Waiatarua Playcentre

Education institution number:
22013
Service type:
Playcentre
Definition:
Not Applicable
Total roll:
15
Telephone:
Address:

911 West Coast Road, Waiatarua

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1 Evaluation of Waiatarua Playcentre

How well placed is Waiatarua Playcentre to promote positive learning outcomes for children?

Not well placed

Requires further development

Well placed

Very well placed

Waiatarua Playcentre is well placed to promote positive learning outcomes for children.

ERO's findings that support this overall judgement are summarised below.

Background

Waiatarua Playcentre is licensed for 30 children, including 15 under the age of two years. It offers two mixed-age sessions and a SPACE (Supporting Parents Alongside Children's Education) session for parents and babies. The centre operates as a parent cooperative and is part of Playcentre Aotearoa.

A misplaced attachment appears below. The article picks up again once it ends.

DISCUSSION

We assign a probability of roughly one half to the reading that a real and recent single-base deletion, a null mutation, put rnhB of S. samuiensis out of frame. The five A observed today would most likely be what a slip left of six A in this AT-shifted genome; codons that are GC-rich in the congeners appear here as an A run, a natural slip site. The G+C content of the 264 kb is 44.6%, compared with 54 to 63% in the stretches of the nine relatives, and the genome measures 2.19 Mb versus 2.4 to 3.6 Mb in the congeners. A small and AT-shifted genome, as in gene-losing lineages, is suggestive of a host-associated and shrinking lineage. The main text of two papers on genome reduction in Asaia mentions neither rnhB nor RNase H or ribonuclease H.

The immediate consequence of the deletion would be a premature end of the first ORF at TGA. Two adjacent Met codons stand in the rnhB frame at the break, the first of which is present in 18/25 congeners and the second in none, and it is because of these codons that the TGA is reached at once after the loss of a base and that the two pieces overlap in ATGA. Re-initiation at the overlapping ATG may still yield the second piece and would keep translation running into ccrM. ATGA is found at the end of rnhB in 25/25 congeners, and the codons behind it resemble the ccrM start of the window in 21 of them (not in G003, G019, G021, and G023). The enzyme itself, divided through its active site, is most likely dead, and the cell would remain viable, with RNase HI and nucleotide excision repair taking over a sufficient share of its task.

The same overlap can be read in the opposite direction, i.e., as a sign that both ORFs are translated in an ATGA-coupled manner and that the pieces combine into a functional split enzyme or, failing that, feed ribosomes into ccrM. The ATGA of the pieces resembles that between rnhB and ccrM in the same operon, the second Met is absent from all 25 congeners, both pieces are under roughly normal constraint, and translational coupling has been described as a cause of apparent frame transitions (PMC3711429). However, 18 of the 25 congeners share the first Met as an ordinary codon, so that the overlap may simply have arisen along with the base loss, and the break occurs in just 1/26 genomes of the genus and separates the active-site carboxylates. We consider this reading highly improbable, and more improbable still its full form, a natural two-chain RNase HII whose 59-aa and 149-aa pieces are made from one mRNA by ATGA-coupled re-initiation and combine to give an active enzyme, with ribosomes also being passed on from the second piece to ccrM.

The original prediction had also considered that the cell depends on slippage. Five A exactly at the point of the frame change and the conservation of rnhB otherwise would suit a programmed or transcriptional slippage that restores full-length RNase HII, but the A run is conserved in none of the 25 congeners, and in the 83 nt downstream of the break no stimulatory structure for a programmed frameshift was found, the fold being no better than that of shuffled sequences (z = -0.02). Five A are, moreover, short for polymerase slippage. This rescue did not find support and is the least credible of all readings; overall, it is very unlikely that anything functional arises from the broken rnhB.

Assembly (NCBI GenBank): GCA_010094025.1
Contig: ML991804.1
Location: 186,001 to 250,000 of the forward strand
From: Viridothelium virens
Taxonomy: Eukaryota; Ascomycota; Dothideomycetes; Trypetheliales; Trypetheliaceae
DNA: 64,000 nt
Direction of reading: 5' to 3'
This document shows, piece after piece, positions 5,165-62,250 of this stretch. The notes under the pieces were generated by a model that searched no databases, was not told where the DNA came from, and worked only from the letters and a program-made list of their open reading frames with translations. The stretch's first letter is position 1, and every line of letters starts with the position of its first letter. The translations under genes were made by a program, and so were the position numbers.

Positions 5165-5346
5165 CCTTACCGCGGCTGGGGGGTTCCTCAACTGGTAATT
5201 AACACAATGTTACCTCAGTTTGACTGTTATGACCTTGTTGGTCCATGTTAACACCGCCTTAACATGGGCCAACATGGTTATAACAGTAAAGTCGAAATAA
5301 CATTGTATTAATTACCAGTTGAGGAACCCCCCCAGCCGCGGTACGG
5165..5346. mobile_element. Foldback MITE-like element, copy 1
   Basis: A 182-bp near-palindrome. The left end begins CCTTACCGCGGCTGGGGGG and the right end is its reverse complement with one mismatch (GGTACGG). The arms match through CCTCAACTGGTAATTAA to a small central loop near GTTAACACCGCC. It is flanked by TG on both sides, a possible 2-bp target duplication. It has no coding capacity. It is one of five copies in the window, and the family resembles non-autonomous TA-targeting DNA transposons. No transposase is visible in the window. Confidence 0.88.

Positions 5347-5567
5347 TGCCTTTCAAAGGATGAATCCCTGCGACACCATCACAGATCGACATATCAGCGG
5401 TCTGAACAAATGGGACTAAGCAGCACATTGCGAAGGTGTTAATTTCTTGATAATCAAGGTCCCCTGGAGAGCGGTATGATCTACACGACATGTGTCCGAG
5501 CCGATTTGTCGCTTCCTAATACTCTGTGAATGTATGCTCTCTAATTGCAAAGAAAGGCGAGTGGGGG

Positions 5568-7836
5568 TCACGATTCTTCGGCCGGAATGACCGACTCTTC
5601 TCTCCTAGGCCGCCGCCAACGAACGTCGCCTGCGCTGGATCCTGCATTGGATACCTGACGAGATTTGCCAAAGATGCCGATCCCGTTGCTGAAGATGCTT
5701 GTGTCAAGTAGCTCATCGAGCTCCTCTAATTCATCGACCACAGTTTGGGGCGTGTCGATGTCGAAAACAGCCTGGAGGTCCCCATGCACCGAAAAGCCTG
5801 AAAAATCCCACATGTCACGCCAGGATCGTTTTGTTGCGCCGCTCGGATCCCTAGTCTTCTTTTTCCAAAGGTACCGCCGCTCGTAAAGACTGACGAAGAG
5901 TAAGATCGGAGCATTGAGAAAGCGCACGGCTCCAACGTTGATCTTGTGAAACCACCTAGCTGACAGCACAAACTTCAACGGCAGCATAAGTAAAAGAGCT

Programmes for children are underpinned by the Playcentre philosophy of whānau and children playing and learning together. Playcentre members recognise parents as first educators of their children. They aim to support each other to provide the best environment for children to learn and grow, and to build relationships within the community. Adult education programmes are offered to all parents who enrol their children at Playcentre. Qualifications gained through these programmes are required for sessions to receive funding.

All current centre members are new to the centre since ERO's 2015 review. They are committed to improving their adult education levels as new courses become available.